The Mission of the Office of Prison Ministry
is to bring healing and reconciliation to the incarcerated, and to the community, through God’s love and forgiveness. We hope that our ministry will influence the evolution of the corrections system towards compassion and reconciliation. We recognize that our presence is the most effective means of touching the hearts of the incarcerated and staff of the correctional facility.
We Exist to:
- Provide the spiritual and temporal services needed by the incarcerated and their families.
- Increase community understanding of the criminal justice system, of the needs of the incarcerated and their families, the needs of the victims of crime and the social teachings of the Church as they relate to criminal justice.
- Work for improvements in the criminal justice system.
The Church has always been involved in advocacy for the incarcerated and in their pastoral care. See the Statement of Catholic Bishops of the United States on Responsibility, Rehabilitation and Restoration (A Catholic Perspective on Crime and Criminal Justice), December 2000. Each Diocese in the State of Florida currently has an office of Jail / Prison Ministry. Programs are developed for involvement of chaplains and volunteers in direct ministry in the facilities, to their families outside the facilities, in advocacy for issues related to the needs of the incarcerated and for educational programs related to the needs of the incarcerated.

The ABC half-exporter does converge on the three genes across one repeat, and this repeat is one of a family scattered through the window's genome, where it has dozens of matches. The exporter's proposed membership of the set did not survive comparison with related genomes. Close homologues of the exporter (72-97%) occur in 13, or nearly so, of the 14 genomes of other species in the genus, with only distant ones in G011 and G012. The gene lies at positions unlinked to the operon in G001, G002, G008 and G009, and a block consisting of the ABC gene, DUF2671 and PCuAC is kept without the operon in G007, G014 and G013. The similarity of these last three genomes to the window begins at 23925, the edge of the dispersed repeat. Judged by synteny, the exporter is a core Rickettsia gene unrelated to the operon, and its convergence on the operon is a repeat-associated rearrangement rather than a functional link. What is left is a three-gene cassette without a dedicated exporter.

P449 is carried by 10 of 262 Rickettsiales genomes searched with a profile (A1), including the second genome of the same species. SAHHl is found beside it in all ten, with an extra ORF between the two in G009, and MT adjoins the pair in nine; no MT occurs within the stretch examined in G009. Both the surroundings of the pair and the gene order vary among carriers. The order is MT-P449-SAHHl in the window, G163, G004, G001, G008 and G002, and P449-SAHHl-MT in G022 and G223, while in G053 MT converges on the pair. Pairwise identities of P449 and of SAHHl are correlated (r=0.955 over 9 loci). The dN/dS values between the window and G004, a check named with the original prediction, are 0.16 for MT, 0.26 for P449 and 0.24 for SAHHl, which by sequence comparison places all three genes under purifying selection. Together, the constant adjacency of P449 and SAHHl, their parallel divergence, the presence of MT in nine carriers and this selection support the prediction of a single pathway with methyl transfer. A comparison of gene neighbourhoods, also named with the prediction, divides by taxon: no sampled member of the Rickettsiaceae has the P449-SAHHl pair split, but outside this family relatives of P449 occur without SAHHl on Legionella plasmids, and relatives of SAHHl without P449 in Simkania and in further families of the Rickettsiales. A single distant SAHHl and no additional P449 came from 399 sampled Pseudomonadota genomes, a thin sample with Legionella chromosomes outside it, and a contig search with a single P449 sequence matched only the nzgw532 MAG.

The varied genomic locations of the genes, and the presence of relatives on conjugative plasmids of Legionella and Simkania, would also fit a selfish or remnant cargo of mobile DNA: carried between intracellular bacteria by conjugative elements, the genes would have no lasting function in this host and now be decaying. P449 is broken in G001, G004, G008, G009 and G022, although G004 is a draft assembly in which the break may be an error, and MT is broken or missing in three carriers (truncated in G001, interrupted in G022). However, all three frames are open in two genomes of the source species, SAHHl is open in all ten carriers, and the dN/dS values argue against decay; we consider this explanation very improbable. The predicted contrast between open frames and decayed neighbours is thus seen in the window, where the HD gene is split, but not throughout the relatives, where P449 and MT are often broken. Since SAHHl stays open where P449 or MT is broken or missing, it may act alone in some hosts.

Correctional facilities depend on volunteers! By giving of themselves, volunteers can help inmates in their desire to become productive members of society. Inmates who receive religious training in prison are far less likely to return to prison. Recidivism drops by 60% for those who receive spiritual support and education. Volunteers who know that they “are the branches and He is the vine…” can often influence inmates in ways correctional employees can’t. Left to the “culture” of the prison, inmates begin to accept the attitudes, values and behavior patterns of the more hardened inmates that they live with daily. Volunteers can help the inmate change this behavior by being positive role models. As we call upon the Lord to help us in our ministry, we learn that by allowing the Holy Spirit to work though us, the incarcerated we serve see the miracle of Faith and… the light within each of us which must shine before all so that they may see the goodness in your acts and give praise to your heavenly Father…” (Mt 5:14-16) Effective prison and jail workers need to be able to see beyond the crime to the basic value of the individual as a child of God, and believe in a person’s ability to change, while realizing that a lifetime of dysfunction does not change.
Working in an environment where freedom is restrained is challenging. Working within a system that is sometimes inflexible and with inmates who are sometimes angry at the world, can be frustrating, but it can also be rewarding! The hunger for God’s Word is everywhere evident. Simply put, the work of the prison ministry volunteer is to help spread the Good News of Jesus Christ; His forgiveness and promise of salvation and above all, His love. Volunteers are in a unique position to offer, through the witness of their lives, their gifts of time, talent and service, Christ’s redeeming promise and presence among us.